The diplomat establishes his authority -- without it both instructor and student are doomed. There can be only one of you in command in the car, and if there is any question of who it is, then it’s time to rethink your approach. “The car behind you has at least 1,000 more hp than you and that’s why it’s there, so let it pass.” “Are you far enough behind to avoid hitting him if he spins?”
The tactician changes priorities as needed. When someone is suddenly overcome with the “red mist” or having difficulty with a task, it’s prudent to instantly refocus the driver’s attention. “Forget downshifting and brake hard!” “Slow down enough to be able to touch every apex.” “Drive in one gear for a few laps.” For an advanced driver it may be a new challenge, “Enter all of the corners off line on this lap.”
The communicator is responsible for the proper flow of accurate information and is sensitive to the amount of information that can be absorbed, which varies among individuals and their level of driving experience. In general, anything said by the instructor while on the track should be clear and succinct. Explanations about car dynamics, etc. are best left for another time in the paddock. It’s also important to occasionally check to be sure that what is being said is actually being heard and understood. “Are you breathing?” “What did I ask you to do?” “Are you comfortable at this speed?” From the student, “Brake? I thought you said Great!”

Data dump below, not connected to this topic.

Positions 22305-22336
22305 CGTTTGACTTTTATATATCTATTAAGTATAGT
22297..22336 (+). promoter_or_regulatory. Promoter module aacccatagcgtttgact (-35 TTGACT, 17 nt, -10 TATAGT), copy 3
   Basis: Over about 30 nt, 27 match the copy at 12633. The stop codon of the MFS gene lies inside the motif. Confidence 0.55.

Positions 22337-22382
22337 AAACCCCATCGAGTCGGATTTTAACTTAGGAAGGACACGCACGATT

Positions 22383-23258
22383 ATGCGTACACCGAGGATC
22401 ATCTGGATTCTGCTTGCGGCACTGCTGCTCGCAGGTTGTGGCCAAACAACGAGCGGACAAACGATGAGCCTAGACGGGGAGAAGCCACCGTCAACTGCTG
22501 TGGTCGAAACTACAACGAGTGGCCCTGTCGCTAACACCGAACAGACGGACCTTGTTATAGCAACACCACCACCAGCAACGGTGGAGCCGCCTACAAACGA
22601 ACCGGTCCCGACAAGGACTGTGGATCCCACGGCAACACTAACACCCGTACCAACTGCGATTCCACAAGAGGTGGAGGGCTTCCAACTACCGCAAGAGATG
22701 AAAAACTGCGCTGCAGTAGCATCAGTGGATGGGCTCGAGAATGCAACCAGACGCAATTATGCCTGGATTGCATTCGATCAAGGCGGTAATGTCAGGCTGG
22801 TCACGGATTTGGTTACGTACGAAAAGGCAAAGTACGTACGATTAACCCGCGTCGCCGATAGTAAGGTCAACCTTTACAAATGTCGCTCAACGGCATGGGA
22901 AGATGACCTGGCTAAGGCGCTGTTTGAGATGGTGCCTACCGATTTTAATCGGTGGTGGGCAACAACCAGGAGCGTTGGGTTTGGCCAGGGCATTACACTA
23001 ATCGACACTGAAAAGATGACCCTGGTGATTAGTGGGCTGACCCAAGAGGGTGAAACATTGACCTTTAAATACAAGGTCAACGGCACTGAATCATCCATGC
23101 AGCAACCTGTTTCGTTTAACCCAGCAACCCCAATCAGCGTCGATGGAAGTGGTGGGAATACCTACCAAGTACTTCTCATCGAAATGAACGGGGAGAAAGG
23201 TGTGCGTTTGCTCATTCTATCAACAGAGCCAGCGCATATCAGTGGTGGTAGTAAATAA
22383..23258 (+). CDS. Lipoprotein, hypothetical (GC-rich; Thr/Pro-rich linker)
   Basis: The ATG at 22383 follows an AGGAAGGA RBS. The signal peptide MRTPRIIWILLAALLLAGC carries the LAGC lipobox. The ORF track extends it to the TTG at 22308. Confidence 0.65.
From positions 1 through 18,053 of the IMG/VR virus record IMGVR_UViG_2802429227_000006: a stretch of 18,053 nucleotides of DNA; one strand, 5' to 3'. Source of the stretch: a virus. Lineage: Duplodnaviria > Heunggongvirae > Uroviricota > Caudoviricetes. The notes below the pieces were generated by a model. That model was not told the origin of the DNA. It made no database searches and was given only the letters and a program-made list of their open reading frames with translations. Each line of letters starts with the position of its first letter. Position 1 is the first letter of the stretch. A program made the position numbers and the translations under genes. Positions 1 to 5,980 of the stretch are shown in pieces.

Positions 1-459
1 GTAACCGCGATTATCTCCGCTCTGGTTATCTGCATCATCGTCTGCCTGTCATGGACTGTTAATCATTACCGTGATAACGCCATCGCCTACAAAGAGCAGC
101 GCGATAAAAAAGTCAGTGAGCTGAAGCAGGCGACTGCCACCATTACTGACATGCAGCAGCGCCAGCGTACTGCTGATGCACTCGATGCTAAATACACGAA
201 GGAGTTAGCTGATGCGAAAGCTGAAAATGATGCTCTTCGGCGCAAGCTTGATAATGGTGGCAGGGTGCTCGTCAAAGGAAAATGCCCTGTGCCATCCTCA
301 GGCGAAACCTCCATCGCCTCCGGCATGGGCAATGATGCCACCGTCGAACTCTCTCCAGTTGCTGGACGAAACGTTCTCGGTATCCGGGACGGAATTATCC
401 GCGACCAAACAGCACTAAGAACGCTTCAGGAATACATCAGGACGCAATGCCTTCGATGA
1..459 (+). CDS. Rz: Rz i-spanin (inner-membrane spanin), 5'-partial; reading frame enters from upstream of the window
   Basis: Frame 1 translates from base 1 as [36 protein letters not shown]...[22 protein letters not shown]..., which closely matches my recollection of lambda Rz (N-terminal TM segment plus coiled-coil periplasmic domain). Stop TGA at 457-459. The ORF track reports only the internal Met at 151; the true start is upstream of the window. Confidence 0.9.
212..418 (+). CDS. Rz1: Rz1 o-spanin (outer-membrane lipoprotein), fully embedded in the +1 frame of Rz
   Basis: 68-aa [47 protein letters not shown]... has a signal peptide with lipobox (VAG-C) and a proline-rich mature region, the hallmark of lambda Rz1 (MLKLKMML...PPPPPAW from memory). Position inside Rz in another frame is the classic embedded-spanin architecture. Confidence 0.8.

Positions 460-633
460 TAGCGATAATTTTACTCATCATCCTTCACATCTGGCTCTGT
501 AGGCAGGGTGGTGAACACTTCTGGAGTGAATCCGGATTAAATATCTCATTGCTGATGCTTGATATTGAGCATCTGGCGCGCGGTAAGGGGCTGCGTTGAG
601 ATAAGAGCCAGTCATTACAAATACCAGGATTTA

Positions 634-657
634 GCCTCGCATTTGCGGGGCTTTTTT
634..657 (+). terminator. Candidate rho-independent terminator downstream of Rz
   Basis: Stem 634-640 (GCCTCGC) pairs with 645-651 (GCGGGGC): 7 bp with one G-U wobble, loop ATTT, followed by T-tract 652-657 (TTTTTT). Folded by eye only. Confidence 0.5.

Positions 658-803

The disciplinarian sometimes needs to appear for everyone’s safety, not only for the instructor and student, but for other drivers as well. A student may need to take a break after repeated failure to follow directions. “If you do that again, we will go in and discuss it in the paddock.”
Driving well is not inherent. Many Driver Education students are accustomed to succeeding in their everyday lives. They assume a simple Driver Education course will quickly lead to the same success, but the learning curve is not usually as quick as expected. The nurturer addresses their frustration over frequent mistakes as they attempt to perform unfamiliar and challenging tasks in a stressful environment. The student needs to hear something positive, a compliment about anything they did well. “Nicely done, that was an excellent corner; good brake release, nice squeeze of the throttle.” A recognized success, no matter how minor, will do wonders to snap a student out of feeling overwhelmed and discouraged and toward feeling they have some control and an opportunity for improvement.